Establish a routine. It’s not uncommon in this pandemic that we have let our schedules slide a bit. However, while this may be good for vacations, it has been proven that having a routine can be helpful in times of uncertainty. Providing a routine to our day can give us a sense of control, reduce stress levels, and improve our focus and productivity.
Find a new non-screen interest such as a hobby, sport, or outdoor activity. The advantage of this is these types of activities are absorbing and encourages you to take some time for yourself. Focusing in on an interest can relieve stress by keeping us engaged in something we enjoy.
Initiate an exercise regimen. As the pandemic can make it challenging to participate in a health club, setting up a home regimen with minimal equipment can be beneficial. This can include a walking, jogging, or cycling regimen. The benefits of regular exercise are that it can improve our mental health and mood, and boosts your energy level.
Finally, allow time to celebrate. This includes personal events like birthdays, anniversaries, graduations and work-related events like releases into production, retrospectives, work anniversaries, and other employee’s personal events. The act of celebrating can relieve stress. Remember, acedia is often a result of being drawn to negative news. Taking the time to celebrate breaks the negative cycle and changes the focus to something more positive.
If you are feeling bored, listless, unmotivated, afraid and uncertain, what you might be experiencing is acedia. If you think you are, put a name to it so you recognize it as some real. More importantly, put actions in place to mitigate the effects. This may include establishing a routine, finding a new non-screen interest, initiating a new exercise regimen, and allowing time to celebrate.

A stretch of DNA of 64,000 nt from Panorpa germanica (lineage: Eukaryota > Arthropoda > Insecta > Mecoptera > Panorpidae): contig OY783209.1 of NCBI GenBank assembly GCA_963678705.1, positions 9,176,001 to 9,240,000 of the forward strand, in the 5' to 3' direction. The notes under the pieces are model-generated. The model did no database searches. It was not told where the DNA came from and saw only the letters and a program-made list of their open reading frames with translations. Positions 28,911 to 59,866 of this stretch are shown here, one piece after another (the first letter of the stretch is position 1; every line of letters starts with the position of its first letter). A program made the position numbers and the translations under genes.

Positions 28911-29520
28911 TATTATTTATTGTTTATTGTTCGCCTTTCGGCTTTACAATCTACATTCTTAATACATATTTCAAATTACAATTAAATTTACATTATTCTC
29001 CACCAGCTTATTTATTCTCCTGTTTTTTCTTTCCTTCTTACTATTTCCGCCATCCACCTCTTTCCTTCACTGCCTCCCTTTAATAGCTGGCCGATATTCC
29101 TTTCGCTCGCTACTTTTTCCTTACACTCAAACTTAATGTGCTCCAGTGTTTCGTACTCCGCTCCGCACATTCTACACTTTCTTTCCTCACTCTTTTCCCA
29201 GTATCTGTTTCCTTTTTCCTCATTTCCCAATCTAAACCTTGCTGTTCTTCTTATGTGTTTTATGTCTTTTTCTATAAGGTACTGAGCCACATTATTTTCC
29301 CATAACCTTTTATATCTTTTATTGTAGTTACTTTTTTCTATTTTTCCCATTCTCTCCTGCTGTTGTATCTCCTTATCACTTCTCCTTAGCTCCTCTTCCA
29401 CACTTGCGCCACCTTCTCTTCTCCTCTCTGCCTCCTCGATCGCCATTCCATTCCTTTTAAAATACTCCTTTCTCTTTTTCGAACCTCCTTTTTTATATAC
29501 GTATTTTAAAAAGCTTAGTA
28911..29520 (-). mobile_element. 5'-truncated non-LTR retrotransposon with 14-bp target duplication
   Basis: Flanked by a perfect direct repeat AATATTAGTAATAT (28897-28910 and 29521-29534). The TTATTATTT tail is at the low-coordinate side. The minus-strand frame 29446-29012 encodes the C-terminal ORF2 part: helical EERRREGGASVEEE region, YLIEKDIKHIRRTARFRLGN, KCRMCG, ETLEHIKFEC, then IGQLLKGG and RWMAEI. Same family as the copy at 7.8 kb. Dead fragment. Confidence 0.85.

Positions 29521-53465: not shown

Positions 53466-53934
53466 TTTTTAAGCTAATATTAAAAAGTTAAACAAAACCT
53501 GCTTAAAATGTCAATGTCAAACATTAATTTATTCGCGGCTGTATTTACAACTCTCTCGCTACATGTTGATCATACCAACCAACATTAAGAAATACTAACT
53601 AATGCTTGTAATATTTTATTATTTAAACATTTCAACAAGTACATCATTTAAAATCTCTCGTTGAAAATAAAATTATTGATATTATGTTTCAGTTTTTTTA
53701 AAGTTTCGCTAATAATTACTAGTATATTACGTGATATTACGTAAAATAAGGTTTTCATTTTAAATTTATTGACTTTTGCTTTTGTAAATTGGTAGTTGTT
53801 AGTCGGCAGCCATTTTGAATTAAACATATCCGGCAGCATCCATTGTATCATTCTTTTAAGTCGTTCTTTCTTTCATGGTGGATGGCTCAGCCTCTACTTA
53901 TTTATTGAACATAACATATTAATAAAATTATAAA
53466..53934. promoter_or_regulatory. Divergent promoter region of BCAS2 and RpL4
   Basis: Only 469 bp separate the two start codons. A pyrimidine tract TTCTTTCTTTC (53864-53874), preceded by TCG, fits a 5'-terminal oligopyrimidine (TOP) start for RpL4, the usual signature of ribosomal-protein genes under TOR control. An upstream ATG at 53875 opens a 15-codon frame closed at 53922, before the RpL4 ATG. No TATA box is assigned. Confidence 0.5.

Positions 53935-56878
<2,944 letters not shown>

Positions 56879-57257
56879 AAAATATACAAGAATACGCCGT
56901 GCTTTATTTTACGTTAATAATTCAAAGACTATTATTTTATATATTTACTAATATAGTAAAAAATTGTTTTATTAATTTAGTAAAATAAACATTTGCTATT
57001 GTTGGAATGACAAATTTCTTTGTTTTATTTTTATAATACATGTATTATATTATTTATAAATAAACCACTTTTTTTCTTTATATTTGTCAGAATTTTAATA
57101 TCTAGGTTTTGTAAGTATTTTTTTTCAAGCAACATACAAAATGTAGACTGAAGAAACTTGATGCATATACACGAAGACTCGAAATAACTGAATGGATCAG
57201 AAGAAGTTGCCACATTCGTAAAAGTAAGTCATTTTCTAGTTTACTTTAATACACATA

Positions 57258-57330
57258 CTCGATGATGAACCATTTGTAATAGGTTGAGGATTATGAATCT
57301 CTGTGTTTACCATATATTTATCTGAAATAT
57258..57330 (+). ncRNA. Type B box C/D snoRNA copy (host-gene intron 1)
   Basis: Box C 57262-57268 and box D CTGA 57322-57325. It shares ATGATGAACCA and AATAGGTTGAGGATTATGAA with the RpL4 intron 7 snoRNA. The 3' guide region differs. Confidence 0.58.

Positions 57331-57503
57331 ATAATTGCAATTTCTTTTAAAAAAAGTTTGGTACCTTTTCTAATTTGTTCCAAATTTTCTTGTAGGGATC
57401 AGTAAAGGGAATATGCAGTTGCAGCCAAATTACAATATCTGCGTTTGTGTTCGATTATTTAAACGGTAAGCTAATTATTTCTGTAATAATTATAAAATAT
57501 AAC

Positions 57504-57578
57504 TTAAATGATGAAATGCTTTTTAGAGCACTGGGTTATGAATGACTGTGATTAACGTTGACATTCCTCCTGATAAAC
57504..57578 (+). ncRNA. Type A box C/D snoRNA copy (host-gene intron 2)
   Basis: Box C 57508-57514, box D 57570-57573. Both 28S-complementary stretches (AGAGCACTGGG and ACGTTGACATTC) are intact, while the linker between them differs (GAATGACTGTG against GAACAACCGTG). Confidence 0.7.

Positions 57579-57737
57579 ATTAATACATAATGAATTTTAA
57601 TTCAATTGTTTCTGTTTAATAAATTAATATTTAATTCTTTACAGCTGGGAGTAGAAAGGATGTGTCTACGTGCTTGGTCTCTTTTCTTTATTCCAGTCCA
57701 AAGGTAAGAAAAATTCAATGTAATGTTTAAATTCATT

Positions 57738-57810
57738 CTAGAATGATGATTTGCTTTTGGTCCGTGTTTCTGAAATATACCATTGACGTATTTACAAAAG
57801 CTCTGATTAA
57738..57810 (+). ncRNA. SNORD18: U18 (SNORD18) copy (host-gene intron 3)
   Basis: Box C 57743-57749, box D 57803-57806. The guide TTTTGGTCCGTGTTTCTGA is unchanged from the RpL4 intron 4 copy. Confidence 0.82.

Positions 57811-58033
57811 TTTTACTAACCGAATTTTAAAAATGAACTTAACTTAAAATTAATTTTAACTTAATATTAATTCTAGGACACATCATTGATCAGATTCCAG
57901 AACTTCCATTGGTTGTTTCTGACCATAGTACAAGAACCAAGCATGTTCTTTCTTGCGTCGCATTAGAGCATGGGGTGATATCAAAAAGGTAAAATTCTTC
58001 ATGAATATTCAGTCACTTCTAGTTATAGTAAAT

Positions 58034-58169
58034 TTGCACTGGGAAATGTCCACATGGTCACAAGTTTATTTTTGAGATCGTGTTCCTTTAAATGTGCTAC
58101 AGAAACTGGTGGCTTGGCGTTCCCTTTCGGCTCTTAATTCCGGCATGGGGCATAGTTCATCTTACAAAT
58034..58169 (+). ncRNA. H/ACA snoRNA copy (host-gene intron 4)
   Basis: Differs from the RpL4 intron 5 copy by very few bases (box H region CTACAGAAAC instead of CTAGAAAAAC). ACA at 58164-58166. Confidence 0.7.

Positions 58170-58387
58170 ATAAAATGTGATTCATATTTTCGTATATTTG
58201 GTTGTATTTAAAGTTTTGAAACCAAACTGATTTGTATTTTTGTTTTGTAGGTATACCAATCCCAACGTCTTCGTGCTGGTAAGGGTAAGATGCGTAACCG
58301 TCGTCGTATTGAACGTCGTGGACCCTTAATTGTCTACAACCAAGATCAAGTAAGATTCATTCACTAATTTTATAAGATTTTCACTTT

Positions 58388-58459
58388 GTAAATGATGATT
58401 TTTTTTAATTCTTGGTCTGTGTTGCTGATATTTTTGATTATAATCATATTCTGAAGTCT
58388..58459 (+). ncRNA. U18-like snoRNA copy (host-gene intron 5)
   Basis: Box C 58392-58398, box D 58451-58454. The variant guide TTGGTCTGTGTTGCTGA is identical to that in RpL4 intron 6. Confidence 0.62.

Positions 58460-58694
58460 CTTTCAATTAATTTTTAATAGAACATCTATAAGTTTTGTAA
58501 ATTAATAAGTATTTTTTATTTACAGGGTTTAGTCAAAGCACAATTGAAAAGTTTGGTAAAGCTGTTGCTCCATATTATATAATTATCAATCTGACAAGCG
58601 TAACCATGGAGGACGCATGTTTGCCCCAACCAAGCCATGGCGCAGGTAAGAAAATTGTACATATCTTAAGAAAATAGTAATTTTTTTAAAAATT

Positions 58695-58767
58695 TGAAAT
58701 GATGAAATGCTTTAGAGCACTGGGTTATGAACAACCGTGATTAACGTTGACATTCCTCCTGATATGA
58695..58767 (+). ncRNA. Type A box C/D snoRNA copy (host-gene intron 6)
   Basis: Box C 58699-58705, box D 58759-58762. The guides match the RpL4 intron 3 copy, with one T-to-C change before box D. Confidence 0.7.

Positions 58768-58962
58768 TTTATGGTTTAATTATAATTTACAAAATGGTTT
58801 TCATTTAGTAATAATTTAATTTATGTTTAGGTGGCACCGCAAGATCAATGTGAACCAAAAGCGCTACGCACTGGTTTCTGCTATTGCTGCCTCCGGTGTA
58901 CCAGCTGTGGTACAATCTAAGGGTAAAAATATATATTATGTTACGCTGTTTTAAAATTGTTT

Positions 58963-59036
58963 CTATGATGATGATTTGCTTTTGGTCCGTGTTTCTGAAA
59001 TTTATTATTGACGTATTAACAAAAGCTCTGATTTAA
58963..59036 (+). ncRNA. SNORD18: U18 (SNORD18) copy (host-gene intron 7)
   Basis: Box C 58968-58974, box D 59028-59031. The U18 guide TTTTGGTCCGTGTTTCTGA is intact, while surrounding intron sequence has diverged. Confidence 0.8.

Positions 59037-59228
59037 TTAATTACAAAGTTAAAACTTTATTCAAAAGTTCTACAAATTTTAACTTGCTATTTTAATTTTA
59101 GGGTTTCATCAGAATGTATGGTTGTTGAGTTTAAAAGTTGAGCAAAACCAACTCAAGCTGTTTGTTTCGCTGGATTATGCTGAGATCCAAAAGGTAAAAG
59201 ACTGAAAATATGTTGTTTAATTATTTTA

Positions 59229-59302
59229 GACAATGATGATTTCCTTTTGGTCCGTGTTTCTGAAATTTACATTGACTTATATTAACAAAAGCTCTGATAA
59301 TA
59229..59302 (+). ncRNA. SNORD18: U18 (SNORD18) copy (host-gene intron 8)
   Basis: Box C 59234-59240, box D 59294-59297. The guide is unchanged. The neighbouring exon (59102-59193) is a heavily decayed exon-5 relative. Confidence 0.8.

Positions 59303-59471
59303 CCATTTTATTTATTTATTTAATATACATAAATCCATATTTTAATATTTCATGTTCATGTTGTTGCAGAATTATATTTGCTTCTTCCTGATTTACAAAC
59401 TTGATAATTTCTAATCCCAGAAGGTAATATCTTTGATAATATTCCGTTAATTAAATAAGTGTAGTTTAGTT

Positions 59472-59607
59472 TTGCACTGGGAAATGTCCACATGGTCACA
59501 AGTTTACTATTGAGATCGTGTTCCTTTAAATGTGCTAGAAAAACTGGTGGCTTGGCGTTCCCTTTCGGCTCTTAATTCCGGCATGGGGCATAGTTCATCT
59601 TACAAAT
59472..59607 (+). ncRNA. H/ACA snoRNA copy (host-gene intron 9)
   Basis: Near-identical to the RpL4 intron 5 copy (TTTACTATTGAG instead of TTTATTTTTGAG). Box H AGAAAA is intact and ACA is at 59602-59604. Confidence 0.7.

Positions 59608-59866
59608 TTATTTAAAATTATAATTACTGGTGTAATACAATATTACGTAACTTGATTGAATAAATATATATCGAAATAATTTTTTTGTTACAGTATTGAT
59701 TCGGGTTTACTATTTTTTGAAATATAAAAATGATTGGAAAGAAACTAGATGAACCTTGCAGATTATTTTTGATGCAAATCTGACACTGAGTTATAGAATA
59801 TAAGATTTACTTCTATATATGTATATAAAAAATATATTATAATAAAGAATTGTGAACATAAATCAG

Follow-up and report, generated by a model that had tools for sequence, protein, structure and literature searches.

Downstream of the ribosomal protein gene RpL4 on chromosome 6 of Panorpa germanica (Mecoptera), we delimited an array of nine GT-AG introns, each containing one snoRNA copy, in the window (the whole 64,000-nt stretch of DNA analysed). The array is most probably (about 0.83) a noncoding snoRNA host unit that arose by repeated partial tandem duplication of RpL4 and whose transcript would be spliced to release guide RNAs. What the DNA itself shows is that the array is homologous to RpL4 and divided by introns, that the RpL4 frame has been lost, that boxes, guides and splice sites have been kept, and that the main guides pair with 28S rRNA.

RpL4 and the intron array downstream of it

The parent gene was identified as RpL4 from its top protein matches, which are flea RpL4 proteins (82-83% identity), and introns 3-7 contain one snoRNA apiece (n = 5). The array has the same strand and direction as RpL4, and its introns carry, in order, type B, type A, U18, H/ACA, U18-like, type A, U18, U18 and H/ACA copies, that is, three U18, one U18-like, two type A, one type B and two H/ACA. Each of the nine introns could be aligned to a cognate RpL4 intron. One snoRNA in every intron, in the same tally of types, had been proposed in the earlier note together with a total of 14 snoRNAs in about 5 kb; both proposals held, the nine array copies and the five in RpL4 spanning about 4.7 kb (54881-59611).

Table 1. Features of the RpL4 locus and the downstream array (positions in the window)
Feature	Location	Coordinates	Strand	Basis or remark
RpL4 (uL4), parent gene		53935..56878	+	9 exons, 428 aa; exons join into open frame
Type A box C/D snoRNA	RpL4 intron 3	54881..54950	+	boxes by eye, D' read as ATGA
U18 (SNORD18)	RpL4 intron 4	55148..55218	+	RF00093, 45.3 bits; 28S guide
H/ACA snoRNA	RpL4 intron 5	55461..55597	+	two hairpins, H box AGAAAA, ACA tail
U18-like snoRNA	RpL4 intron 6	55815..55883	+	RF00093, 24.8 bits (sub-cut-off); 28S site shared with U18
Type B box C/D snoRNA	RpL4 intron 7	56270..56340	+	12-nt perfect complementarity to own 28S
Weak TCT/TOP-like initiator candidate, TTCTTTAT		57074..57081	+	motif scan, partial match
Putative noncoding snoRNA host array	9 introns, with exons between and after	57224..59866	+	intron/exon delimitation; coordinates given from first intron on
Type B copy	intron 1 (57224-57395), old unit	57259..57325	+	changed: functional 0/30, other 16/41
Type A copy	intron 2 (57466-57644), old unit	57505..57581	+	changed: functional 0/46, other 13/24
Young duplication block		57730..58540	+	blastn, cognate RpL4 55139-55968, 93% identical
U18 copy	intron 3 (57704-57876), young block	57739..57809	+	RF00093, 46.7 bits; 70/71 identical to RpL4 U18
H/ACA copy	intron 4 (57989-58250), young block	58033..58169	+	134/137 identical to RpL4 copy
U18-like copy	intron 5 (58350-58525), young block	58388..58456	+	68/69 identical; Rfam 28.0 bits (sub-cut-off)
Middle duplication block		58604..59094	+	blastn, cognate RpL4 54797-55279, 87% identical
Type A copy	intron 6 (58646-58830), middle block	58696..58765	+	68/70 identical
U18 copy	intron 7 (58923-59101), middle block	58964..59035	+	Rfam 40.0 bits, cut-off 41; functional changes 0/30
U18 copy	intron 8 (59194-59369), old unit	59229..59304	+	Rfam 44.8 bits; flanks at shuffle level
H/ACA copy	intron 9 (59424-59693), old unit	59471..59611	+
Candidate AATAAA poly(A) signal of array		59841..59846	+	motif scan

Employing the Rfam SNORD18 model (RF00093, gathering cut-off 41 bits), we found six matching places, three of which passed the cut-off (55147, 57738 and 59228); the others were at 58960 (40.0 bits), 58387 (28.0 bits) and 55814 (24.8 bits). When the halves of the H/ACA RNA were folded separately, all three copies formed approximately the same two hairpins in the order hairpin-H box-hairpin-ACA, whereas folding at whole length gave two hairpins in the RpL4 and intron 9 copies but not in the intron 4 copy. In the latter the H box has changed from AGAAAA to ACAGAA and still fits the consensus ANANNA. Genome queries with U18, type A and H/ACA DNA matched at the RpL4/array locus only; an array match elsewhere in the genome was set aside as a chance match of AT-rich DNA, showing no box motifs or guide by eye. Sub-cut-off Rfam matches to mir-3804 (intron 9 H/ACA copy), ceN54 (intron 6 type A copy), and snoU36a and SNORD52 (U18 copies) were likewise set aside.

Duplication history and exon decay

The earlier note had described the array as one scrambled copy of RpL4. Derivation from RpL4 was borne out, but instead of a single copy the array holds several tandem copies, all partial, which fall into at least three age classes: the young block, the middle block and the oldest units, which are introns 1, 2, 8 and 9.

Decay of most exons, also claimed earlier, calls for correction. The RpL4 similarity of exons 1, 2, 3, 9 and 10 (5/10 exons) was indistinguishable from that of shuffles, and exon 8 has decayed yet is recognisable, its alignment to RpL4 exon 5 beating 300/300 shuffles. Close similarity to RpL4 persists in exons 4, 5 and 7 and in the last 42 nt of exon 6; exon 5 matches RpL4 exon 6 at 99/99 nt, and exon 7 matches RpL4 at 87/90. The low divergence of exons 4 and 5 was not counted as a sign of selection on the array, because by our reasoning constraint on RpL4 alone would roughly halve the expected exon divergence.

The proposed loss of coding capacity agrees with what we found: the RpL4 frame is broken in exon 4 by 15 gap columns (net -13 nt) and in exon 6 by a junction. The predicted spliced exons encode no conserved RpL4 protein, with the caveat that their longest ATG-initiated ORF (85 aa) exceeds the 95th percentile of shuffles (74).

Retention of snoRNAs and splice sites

Sunday, July 26, 2020
- Initiate and continually gauge the health of the team. This could be in the form of morning check-ins or online pulse surveys (e.g., 1-10 on how you are feeling). This helps you gauge when team health is a concern on not. Depending on what you learn, there may be continuous and impromptu things you can do.
- Periodically ask the team via brainstorming ideas from the team as to what they need to maintain team health. Soliciting ideas from them makes the team feel that you care.
- Have virtual yoga mornings. This can be initiated by either a professional yoga instructor or one of the team members that enjoys a leadership opportunity. Similarly, this could be a virtual walking morning.
- Provide flexibility in work hours. As spouses and children are within the remote office (aka, home), flexible hours help relieve stress from juggling family schedules